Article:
Wu Awarded Harriett B. Rigas Award from the IEEE Education Society

Wu Awarded Harriett B. Rigas Award from the IEEE Education Society

Wu Awarded Harriett B. Rigas Award from the IEEE Education Society

Professor Min Wu
Professor Min Wu

Professor Min Wu, the Clark School of Engineering’s associate dean for graduate programs, is the 2019 recipient of the Harriett B. Rigas Award from the Institute of Electrical and Electronics Engineers (IEEE) Education Society. This honor is awarded annually to recognize outstanding female faculty who have made significant contributions to undergraduate education and the global engineering community. Professor Wu is being recognized for excellence and outstanding leadership in signal processing, education, and mentoring.

“Dr. Wu is an outstanding female role model for her strong passion and impactful contributions in research, education, service to the engineering community, and outreach,” said Distinguished University Professor K.J. Ray Liu, who nominated Dr. Wu for this award.

Dr. Wu joined the University of Maryland faculty in 2001 and is a member of the Electrical and Computer Engineering Department, the Institute for Advanced Computer Studies, and the Institute for Systems Research, specializing in information forensics and security, multimedia signal processing, and sensing analytics. At the University of Maryland, Dr. Wu established the Media and Security Team (MAST) in 2001. She was also instrumental in establishing the “Women-in-ECE” program at UMD to help female students foster a sense of community and peer support, and served as its faculty advisor for over a decade. She provided a substantial amount of mentoring of junior colleagues, both at UMD across multiple academic departments/colleges and through IEEE technical activities. She engaged more than 30 undergraduates in research and served as thesis advisor of 20 graduate students, including a number of female and underrepresented minority students.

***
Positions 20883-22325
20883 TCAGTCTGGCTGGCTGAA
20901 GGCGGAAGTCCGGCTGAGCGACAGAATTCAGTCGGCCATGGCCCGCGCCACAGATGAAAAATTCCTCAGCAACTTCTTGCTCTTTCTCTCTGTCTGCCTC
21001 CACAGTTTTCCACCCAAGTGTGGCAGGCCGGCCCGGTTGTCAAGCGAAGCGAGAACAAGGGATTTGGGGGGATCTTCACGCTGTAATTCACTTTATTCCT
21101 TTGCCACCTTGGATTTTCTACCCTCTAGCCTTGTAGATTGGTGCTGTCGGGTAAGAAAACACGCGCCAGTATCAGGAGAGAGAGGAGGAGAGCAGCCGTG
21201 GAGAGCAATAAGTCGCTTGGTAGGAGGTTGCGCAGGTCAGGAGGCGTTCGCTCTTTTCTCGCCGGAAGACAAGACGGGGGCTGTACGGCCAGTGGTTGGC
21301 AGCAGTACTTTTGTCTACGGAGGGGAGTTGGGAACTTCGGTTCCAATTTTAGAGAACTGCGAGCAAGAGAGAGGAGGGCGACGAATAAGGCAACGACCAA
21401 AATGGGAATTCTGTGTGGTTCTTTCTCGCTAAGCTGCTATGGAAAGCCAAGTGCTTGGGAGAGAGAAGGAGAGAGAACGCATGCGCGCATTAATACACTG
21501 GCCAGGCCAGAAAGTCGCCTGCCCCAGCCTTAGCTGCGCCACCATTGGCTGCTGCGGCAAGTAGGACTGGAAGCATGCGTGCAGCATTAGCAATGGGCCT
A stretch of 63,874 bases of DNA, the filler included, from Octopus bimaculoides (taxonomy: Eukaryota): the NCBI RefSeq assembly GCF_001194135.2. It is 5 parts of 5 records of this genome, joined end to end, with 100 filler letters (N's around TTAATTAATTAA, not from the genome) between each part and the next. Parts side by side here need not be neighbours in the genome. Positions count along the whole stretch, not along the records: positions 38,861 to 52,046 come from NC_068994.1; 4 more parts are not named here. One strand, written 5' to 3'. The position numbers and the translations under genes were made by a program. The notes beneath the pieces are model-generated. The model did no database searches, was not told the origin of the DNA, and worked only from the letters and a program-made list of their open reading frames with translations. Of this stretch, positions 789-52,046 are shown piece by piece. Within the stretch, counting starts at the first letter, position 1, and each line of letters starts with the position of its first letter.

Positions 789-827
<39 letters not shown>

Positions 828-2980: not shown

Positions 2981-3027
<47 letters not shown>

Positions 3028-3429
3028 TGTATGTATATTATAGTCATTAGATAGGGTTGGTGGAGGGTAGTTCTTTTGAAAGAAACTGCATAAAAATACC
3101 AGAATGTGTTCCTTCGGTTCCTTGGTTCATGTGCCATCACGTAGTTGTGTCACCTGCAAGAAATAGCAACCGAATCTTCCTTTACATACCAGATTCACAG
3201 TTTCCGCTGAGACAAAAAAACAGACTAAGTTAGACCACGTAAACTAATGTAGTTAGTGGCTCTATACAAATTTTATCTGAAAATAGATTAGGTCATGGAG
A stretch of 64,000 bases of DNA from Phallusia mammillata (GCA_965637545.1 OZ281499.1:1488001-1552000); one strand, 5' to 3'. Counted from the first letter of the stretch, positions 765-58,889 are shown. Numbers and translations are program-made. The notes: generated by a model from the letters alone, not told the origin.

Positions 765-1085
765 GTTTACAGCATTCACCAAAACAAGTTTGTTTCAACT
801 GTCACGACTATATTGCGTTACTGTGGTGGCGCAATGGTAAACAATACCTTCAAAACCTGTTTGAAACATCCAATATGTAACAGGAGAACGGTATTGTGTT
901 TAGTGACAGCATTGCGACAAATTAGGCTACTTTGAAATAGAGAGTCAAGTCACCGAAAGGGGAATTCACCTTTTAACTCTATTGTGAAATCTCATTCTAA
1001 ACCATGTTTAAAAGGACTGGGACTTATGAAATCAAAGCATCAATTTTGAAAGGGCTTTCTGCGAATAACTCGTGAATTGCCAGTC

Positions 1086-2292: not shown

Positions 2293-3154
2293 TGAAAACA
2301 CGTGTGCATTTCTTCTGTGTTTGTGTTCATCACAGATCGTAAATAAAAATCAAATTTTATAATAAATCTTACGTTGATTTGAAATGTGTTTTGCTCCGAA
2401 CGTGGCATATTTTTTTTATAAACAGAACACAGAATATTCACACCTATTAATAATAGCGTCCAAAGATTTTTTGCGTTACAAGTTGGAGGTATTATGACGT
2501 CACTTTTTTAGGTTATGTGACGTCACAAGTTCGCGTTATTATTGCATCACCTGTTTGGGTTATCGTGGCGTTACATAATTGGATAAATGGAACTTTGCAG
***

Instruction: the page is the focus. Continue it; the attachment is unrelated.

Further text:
Dr. Wu has a strong research record and well known for her innovative and high-impact research in security, forensics, and signal processing. She has authored 185 refereed journal and conference publications, and was granted 10 U.S. patents and 5 international patents, with 16 more pending. She co-authored several papers being recognized by paper awards from the IEEE Signal Processing Society, EURASIP, and ACM, and she received multiple innovation awards.

She has been an active member of the IEEE and took on a number of leadership positions, including Vice President for Finance in the IEEE Signal Processing Society, Chair of IEEE Technical Committee on Information Forensics and Security, and Editor-in-Chief of IEEE Signal Processing Magazine. As Editor-in-Chief, she led this flagship publication in signal processing through a major redesign and brought a steady increase in citation impact to an all-time high. In this role, she raised the visibility on signal processing education and supported the outreach to students at various levels and professionals around the world.

Earlier, she has been honored with an IEEE Meritorious Service Award and the IEEE Distinguished Lecturer recognition. She has been named as a Fellow for outstanding technical contributions by both the IEEE and the American Association for the Advancement of Science (AAAS).

From UMD, Dr. Wu has been awarded a Distinguished Scholar-Teacher Award, the George Corcoran Education Award, the Clark School E. Robert Kent Junior Faculty Teaching Award, and twice the Inventor of the Year Award. She has also been honored with a National Science Foundation Career Award and an Office of Naval Research (ONR) Young Investigator Award on information security and protection, and was named one of 100 top young innovators in the MIT Technology Review Magazine in 2004. In August 2019, she was appointed as the Associate Dean for Graduate Programs of the Clark School of Engineering.

“I feel really honored being selected to receive this prestigious IEEE award named after Dr. Harriett Rigas - a woman pioneer in engineering and education,” said Wu. “What the award recognizes is actually a teamwork: I like to convey my deep appreciation to the many students with whom I have had the privilege to teach, mentor, or collaborate and see them grow and succeed, and to a number of caring colleagues and mentors—male and female—who have helped me in various stages of life and career!”

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September 20, 2019


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